Asian American Studies Resource Center
422 Rockefeller Hall
Monday-Friday, 9:00 a.m.-5:30 p.m.
Note on fall 2021 operations: due to Cornell health and safety protocols, all visitors to Rockefeller Fourth Floor and AASP offices must wear a mask at all times.
Established in 1989, the Asian American Studies Resource Center serves both Cornell and the surrounding Ithaca community. Library materials and media pertaining to Asian America are available for study, research, and viewing. The AASP collection includes over 3000 books, journals, periodicals, music recordings, and films and is searchable online. Books and videos are available for loan to the Cornell community.
Our study lounge is available for reading, group study, organization meetings, film screenings, or just hanging out between classes. We also have a conference room available by reservation. Our computer lab, shared with the Latina/o Studies Program, has 8 computers, two laser printers, and a copier for student use. Printers are outfitted with the CU Print system for limited free printing for students.
In addition to the many wonderful resources available in the AASP Resource Center, Cornell's Library Liaison Program currently offers four go-to librarians for Asian American Studies. They are subject specialists who provide support for faculty and student research, instruction, and scholarly communication, who build rich library collections or can refer you to other library experts.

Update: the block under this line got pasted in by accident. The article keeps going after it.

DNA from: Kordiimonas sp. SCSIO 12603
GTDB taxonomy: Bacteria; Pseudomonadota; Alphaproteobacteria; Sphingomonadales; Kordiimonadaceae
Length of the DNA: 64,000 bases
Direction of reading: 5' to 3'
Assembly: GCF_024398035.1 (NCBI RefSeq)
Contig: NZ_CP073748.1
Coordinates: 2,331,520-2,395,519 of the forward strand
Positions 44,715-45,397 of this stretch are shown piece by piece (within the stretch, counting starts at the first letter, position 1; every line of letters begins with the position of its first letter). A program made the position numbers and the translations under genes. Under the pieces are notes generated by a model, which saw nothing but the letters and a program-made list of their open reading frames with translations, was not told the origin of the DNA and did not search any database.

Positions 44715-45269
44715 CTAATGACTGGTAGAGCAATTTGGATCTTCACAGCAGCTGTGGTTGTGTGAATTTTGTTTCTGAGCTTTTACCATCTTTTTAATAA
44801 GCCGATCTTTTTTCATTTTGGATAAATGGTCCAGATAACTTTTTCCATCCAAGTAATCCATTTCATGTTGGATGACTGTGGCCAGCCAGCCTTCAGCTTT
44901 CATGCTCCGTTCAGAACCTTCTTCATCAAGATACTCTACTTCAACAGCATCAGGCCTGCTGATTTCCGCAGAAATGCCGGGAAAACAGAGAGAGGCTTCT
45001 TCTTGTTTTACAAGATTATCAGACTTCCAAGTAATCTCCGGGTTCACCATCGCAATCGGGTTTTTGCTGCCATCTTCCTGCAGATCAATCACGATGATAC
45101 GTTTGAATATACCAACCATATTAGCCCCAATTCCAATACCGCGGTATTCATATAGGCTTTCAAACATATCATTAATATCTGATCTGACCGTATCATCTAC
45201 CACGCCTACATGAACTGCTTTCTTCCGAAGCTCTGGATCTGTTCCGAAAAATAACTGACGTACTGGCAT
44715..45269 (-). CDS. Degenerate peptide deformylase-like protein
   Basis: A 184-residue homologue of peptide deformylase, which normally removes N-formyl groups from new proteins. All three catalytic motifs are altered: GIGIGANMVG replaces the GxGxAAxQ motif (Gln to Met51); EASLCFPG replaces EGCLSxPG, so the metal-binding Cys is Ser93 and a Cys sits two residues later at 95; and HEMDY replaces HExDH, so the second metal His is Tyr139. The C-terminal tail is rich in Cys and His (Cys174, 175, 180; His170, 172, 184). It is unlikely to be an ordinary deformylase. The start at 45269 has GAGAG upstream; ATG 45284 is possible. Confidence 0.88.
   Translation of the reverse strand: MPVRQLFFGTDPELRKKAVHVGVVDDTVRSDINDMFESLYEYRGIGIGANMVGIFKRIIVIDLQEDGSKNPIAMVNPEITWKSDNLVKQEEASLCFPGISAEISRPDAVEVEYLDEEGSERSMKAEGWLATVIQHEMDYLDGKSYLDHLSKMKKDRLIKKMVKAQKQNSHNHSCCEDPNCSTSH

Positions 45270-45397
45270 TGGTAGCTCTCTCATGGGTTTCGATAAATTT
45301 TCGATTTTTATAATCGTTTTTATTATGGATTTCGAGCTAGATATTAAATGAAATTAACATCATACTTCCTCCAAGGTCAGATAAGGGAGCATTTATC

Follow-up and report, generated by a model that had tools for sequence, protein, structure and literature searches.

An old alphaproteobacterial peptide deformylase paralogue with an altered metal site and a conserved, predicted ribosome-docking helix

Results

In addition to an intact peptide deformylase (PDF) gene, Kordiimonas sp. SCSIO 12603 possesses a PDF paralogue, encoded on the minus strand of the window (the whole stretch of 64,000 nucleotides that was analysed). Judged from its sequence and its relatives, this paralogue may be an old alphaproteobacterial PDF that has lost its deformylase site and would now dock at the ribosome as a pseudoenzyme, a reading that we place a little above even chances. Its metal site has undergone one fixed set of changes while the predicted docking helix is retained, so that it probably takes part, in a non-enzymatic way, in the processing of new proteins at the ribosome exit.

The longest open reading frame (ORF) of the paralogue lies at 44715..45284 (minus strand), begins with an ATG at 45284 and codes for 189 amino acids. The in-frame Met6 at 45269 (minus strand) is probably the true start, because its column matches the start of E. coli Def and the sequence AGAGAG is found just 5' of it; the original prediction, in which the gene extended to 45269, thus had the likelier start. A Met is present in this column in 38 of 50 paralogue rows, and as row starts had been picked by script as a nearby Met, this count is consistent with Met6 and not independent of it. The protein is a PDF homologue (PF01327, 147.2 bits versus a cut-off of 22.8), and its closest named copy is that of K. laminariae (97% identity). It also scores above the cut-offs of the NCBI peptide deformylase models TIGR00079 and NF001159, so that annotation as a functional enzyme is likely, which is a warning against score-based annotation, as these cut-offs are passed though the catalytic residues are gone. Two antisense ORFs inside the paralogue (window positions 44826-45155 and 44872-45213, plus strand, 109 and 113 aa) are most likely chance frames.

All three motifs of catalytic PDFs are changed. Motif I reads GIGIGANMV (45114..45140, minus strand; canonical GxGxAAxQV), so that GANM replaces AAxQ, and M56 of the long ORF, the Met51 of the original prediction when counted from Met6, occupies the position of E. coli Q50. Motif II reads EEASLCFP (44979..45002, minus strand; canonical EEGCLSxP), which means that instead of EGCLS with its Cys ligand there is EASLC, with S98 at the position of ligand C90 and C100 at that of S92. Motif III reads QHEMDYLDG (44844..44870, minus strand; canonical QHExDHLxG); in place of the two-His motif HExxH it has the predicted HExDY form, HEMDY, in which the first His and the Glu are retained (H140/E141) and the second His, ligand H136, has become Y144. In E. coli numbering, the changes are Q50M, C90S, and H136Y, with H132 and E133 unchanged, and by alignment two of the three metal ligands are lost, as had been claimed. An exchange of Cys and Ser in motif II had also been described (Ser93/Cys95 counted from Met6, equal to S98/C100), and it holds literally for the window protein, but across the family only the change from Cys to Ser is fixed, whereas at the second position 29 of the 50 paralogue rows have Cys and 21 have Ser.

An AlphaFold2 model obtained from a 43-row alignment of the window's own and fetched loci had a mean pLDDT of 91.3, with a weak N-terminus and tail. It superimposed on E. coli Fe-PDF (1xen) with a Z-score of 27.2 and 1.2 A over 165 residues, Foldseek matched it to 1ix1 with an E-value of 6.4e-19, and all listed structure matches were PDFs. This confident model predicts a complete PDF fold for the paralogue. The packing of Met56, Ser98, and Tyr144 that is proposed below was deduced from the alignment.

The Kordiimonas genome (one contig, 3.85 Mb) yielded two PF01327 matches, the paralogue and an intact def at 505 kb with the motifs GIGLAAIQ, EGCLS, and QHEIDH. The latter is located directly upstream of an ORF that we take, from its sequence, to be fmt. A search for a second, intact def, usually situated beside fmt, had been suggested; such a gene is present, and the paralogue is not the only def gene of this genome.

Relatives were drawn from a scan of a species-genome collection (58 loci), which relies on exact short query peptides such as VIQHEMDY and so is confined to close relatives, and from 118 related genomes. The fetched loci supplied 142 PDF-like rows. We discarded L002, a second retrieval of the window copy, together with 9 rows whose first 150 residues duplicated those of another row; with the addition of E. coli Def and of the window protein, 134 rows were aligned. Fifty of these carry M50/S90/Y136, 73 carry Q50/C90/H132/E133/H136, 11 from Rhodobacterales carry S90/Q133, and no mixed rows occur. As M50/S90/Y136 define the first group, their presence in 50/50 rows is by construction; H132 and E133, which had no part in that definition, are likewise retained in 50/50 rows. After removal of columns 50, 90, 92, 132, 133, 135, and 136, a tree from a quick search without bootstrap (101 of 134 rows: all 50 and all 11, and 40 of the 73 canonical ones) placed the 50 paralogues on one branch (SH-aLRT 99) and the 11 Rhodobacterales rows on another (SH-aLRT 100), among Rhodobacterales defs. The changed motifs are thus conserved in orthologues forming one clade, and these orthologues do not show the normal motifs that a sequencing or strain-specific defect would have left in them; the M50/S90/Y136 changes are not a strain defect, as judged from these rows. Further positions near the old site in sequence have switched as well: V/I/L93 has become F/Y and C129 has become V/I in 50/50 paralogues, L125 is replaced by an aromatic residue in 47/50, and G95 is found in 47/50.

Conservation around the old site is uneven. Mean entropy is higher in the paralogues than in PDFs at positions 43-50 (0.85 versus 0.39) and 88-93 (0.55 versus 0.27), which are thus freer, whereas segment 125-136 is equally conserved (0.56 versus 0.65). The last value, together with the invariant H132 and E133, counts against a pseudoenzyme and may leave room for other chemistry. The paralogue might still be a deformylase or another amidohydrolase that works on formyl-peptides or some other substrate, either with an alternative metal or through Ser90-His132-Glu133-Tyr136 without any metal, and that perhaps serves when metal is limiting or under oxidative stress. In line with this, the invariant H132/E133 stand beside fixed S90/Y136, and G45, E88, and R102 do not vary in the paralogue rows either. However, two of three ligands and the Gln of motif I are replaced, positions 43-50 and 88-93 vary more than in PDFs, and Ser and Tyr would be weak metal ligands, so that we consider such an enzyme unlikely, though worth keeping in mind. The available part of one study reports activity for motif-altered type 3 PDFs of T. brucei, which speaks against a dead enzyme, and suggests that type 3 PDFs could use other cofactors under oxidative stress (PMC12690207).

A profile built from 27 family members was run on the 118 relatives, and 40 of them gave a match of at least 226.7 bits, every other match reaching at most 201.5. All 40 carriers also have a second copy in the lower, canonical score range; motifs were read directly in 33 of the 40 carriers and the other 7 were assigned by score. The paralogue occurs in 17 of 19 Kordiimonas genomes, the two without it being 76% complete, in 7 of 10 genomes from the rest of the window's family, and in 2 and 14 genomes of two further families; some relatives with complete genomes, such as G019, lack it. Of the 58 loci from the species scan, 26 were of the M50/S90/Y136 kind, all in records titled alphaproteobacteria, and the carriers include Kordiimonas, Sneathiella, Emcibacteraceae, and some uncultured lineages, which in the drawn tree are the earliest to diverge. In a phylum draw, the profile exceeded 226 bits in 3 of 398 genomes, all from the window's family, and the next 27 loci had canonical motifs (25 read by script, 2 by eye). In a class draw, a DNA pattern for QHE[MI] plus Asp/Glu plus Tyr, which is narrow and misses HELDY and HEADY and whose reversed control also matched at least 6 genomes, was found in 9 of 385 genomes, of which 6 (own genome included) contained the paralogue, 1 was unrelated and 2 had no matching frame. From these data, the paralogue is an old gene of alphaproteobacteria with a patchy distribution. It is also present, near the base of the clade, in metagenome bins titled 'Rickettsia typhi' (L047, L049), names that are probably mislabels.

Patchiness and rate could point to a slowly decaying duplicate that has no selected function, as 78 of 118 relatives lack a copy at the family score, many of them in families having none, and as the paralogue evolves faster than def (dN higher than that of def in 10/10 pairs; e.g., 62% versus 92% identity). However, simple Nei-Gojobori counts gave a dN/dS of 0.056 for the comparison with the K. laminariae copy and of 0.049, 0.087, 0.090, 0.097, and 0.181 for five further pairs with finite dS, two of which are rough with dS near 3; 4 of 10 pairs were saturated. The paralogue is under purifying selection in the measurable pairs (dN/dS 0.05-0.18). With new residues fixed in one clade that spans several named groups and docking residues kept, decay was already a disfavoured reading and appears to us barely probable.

Japanese American Relocation Centers Records: A Student Digital Exhibition
Click here to access the Student Digital Exhibition of the Japanese American Relocation Centers Records at Cornell University. Here you will find select primary documents from the Japanese American Relocation Centers Records accompanied by student historical analysis. The exhibition is a part of a class project from two courses taught by Dr. Chrissy Yee Lau, including AAS 2130: Introduction to Asian American History and AAS 3470: Asian American Women’s History. This class project comes out of collaboration between the Asian American Studies Program and the Rare Manuscript Division.
The goal of this digital exhibition is to bring public attention to the historical documents located at this unique archive and to offer an analytical insight, with attention to race, gender, class, and generation, into the incarceration experiences of Japanese Americans during World War II.
To assist their analysis of the Records archive, students utilized the wide range of secondary sources from the Asian American Resource Center. For a list of notable publications exploring the topic of Japanese American Incarceration, please contact the department.
AASP is a home on campus for me. I feel very comfortable and always welcome in the fourth floor of Rockefeller Hall, whether I am looking for a snack, study table, or nap space. Spam and Eggs, Wednesday Lunch Series, and PRAXIS events make me more aware of various Asian American issues and expand my horizons. However, the best part of AASP are the people; the students and staff shape the program and space. Everyone is so welcoming and supportive, lending an ear if you need to talk and genuinely concerned about your well-being.
— Wendy Chen ‘19